History of Navigation

The Visual Bearing

After sailing along the route, a compass bearing of 295 degrees magnetic to the red bell buoy off Belfast Harbor is taken. Plotting it shows that the distance back to the green gong is about .65 nautical miles. If time of departure is recorded as well as the time of the bearing, speed can be calculated. This single line of position produces a running fix. If another bearing were taken at the same time as the 295 bearing, an accurate position could be established.

The Plotted Course

The course line is drawn on the chart. Above it is written both the magnetic and true courses while below it is the distance of the route.

Measuring the Distance

Take a pair of dividers and set one tip on the green gong buoy and the other on the red and white bell buoy. Then bring the dividers to the side of the chart near the course and measure the distance of that leg of the route. One minute of arc of latitude equals one nautical mile.

Reading the Compass Course

After "walking" the parallel rules across the chart to the nearest compass rose, the magnetic and true compass bearing from one buoy to the next is read on the compass rose.

Using Parallel Rules

The first step is to find the green gong buoy off Sears Island and the red and white bell off the northwest corner of Islesboro Island, the course to be plotted. Parallel rules are set along that line.

Loran Lines on Penobscot Bay Chart

Many small scale charts provide Loran lines, which indicate the time difference expected between receipt of  "master and slave" radio signals in the Loran electronic navigation system. This chart, Penobscot Bay and Approaches, #13302, has four different sets of lines, improving a navigator's chance of getting an accurate electronic fix. Loran receivers indicate by number which signals they are getting, and the navigator finds the numbers and uses them to plot a fix.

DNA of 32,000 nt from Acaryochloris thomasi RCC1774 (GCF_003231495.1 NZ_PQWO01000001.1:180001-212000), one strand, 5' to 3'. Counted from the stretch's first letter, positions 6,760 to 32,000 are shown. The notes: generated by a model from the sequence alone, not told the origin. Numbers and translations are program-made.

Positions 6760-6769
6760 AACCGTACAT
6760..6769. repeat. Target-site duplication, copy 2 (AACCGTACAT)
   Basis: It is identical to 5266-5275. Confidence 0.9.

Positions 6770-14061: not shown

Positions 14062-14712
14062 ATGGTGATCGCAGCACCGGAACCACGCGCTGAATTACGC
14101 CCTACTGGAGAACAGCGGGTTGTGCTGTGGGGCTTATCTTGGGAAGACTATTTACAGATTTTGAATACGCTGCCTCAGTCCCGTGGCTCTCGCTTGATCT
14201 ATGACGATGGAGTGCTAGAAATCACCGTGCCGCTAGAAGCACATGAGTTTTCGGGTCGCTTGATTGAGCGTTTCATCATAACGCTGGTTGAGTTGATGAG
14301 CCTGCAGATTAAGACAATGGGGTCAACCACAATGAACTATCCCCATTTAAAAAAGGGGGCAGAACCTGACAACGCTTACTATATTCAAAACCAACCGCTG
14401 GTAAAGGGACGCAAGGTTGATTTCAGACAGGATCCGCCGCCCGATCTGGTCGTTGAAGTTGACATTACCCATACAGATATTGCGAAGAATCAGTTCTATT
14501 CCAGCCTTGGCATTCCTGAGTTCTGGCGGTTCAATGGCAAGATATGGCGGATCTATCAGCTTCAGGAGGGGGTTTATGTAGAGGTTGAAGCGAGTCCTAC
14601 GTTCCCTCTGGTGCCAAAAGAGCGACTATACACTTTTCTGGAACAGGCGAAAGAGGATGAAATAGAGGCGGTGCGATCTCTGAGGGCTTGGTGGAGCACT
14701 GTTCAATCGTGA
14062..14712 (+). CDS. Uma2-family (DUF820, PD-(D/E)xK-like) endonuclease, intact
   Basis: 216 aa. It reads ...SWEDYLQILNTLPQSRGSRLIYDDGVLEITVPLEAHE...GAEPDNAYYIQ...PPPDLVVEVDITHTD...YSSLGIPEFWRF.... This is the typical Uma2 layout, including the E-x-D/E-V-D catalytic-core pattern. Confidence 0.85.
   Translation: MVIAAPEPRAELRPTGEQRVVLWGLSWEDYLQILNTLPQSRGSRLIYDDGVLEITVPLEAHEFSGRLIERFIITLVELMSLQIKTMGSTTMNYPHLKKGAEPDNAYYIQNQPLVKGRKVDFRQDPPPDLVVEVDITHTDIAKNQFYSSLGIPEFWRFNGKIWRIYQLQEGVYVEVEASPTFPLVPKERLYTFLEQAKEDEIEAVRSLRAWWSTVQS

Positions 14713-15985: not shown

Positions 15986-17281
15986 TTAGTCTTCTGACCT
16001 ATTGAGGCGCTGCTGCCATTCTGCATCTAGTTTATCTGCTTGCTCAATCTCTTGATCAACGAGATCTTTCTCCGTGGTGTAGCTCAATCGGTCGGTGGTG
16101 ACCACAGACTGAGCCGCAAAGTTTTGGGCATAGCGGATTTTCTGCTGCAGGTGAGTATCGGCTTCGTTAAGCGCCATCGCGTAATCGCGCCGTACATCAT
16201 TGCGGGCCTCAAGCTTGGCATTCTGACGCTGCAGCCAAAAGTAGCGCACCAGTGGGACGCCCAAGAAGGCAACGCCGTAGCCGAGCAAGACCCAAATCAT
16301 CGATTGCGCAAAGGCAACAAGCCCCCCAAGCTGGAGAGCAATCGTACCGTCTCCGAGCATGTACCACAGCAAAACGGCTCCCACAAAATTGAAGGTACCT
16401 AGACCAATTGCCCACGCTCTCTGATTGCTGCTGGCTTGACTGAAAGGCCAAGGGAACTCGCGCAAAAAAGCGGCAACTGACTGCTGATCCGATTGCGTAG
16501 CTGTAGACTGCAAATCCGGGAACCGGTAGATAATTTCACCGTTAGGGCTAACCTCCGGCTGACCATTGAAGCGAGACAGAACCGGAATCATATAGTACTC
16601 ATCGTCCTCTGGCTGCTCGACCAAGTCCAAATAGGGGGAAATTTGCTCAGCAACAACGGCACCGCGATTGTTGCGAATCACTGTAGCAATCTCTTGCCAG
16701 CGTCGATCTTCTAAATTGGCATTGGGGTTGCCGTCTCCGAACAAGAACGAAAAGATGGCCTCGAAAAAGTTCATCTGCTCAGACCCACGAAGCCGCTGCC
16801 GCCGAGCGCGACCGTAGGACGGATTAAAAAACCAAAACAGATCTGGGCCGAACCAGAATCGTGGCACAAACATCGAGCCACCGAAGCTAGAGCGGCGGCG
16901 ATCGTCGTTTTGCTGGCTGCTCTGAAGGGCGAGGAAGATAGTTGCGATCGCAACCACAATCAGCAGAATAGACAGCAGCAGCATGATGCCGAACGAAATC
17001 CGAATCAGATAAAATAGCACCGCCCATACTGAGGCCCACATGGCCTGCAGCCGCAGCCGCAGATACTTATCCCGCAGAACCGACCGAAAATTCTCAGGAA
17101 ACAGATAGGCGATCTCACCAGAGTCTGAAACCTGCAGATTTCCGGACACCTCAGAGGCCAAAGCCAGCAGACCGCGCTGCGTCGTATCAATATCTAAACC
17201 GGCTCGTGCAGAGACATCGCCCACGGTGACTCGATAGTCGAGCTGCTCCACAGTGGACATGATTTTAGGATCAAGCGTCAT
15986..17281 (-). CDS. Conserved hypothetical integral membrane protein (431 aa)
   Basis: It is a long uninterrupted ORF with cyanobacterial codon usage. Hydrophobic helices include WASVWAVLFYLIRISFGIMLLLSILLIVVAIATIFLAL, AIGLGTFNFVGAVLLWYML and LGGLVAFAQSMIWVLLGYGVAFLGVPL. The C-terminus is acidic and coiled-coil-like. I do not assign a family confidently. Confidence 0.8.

Bridge on Trawler Huntress 1979

View of the bridge aboard the 87-foot stern trawler Huntress, built at the Washburn & Doughty yard in Woolwich, Maine, in 1979. Note the radar monitor near the wheel. A modern bridge would have GPS, a fish finder, an auto pilot, and several radios. In this set up it is likely that the radio is out of view and there should be a LORAN available. This vessel has a compass with large compensators at each side, common on steel ships.

Octant or Hadley Quadrant

The Hadley quadrant was developed by John Hadley in England and by Thomas Godfrey in Philadelphia, both in 1732. The Hadley design took precedence and became the stock celestial navigation tool well into the 19th century, due to its simplicity and lower price than the more modern sextant. As most celestial navigation in the age of the Down Easter centered around sun sights and occasional lunar distances, there was not great need for owning a more expensive sextant.

Pocket Chronometer or Chronometer Watch

Because the ship’s chronometer was normally stowed in the cabin in a safe and well-supported environment, times for celestial sights were taken from the chronometer watch. To ensure accuracy, the time on the chronometer watch was compared with the time on the ship’s chronometer before and after the sights were taken.

This watch, whose maker may have been active in the 1770s and up to about 1820, belonged to Captain Charles Gordon of Belfast.

Finding a Ship's Position at Sea

Many navigators wanted easier, more accurate methods of determining their position at sea. One of the most important developments in the second half of the nineteenth century was Capt. Thomas H. Sumner's contribution in his book, A New and Accurate Method of Finding a Ship's Position at Sea by Projection on Mercator's Chart. Discovered in 1837, and first published in 1843, by the time of this 1851 Third edition it had become the standard method.


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